Western countries never grasped how dangerous RTLM was because of cultural assumptions. Though there were newspapers spewing the same vitriol, RTLM was the most prominent. In Rwanda, illiteracy is high and newspapers are often available only in the cities so radio remains the most important medium. Though television is the primary medium in the developed world, it's impossible to overstate how influential radio is in other parts of the world, particularly sub-Saharan Africa.

The then Canadian ambassador, Lucie Edwards, later said: "The question of Radio Mille Collines propaganda is a difficult one. There were so many genuinely silly things being said on the station, so many obvious lies, that it was hard to take it seriously... Nevertheless, everyone listened to it - I was told by Tutsis (sic) - in a spirit of morbid fascination and because it had the best music selection."

RTLM garbage seemed silly to a Canadian, who grew up in a country with a long tradition of a free and independent press. But Rwanda was a country that had lived for decades under a dictatorship preceded by decades more of paternalistic colonialism. Ambassador Edwards came from a country where skepticism of the government line was expected; Rwandans had learned that such skepticism could be hazardous to their health and well-being.

In the Rwanda chapter of her brilliant book A Problem From Hell: America and the Age of Genocide, Samantha Power presents an example which demonstrates the failure to appreciate how powerful radio is in Africa in general, and Rwanda in particular.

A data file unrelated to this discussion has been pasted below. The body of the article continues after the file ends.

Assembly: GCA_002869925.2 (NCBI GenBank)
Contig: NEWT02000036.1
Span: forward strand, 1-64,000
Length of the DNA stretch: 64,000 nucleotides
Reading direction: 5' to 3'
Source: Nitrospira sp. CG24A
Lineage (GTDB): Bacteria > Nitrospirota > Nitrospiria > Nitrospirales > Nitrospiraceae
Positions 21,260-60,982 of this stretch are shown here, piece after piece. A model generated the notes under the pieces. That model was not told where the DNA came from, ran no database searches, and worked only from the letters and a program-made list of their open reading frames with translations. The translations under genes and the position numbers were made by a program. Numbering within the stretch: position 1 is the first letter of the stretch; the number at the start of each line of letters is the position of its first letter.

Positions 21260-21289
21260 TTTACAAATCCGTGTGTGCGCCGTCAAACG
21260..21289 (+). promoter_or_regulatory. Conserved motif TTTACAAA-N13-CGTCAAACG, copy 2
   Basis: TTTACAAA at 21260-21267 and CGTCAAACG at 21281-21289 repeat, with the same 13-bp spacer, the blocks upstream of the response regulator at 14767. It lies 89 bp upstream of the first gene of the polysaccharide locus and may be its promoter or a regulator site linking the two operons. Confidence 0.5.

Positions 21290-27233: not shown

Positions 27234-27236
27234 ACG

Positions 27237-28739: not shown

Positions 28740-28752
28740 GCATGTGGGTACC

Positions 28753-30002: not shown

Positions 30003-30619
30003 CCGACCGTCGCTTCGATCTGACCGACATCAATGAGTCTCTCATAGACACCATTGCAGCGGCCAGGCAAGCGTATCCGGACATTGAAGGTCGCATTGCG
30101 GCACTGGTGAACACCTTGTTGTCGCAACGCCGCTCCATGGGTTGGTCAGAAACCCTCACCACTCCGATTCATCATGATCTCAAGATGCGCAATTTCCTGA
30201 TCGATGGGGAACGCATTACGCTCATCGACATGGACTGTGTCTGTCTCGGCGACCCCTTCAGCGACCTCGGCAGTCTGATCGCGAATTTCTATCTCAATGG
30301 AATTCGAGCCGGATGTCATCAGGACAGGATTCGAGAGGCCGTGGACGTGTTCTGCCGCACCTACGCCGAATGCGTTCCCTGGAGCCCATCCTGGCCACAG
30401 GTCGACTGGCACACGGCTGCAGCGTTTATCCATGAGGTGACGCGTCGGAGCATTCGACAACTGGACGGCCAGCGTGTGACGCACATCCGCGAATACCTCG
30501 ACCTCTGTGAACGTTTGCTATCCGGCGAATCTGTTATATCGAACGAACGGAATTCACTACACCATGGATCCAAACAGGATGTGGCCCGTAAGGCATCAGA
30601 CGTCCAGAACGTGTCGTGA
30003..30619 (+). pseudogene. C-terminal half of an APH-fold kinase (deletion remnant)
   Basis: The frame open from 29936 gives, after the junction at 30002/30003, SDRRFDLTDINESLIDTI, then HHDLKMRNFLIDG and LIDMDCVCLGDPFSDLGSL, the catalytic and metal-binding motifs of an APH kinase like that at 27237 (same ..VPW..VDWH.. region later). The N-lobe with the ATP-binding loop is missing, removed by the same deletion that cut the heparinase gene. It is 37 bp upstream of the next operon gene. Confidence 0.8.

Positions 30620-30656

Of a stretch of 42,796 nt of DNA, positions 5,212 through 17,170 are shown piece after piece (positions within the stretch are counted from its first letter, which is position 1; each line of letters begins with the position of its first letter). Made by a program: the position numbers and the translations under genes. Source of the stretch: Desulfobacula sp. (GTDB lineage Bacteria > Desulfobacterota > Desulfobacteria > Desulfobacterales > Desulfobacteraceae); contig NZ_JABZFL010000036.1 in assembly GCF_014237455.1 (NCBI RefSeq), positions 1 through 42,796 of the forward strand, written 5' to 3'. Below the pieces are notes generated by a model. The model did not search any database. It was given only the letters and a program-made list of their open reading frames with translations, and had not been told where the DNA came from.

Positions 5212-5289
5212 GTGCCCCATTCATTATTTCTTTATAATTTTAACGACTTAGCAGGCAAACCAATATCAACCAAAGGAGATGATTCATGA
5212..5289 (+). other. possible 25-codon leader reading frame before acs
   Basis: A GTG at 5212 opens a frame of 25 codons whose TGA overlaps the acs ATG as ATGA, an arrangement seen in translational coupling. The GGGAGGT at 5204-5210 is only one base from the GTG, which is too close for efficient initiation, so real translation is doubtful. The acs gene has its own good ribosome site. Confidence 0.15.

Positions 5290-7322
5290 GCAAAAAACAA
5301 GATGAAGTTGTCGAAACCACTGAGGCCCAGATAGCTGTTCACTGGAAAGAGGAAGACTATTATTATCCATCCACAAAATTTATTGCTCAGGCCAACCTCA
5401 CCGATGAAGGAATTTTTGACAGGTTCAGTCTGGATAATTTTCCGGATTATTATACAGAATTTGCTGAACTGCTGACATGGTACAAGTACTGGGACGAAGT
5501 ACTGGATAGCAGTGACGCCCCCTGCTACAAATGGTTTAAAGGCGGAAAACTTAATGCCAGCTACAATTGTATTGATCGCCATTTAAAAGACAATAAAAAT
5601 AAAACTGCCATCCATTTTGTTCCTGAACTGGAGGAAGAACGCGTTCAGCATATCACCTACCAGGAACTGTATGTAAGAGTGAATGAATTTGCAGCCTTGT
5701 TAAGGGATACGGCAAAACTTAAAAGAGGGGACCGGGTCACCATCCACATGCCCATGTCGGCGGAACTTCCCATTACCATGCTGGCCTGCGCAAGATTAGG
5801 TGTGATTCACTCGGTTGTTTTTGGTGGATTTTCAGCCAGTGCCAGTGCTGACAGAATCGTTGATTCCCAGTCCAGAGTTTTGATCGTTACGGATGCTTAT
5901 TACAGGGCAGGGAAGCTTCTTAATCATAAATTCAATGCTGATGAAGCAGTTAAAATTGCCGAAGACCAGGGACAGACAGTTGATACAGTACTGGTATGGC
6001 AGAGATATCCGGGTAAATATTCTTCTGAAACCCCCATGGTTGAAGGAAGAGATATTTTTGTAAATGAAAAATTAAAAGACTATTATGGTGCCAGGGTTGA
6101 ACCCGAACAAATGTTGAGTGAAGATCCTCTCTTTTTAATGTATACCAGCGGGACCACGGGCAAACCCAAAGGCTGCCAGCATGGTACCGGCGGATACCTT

The head of UN peacekeepers in Rwanda, Canadian Gen. Romeo Dallaire, requested that RTLM's signals be jammed. US Deputy Ambassador to Rwanda Prudence Bushnell concurred and tried to convince her colleagues at the State Department to procede. As Power writes: In early May [1994], the State Department's Legal Advisers Office issued a finding against radio jamming, citing international broadcasting agreements and the American commitment to free speech. [ed. note: !!!!] When Bushnell raised radio jamming yet again at a meeting, one Pentagon official chided her for naivete: "Pru, radios don't kill people. People kill people."

It was the Pentagon official, not Bushnell, who was naive. And who knows who many lives would've been saved had Washington bureaucrats trusted those actually on the ground who knew what they were talking about.

Samantha Power has often described the US government's tolerance of genocide as a failure of imagination; the same could apply to other western governments. In most genocides, we have credible reports of atrocities, but they defy the imagination. We can't IMAGINE concentration camps in the heart of Europe in the 1990s. We can't IMAGINE anyone would use poison gas in 1988. And we believed that "radios don't kill people. People kill people."

There are times when the benefit of the doubt should be scrapped. In Rwanda, the failure of our imagination is a death sentence was hundreds of thousands.

**
Tommorrow: why the international community buried its head in the sand during the genocide.

Recommended reading: Dossier on hate media during the Rwandan genocide from Radio Netherlands' English service. Includes links to pages on how hate radio has been used in other parts of the world. From Radio Netherlands' English service.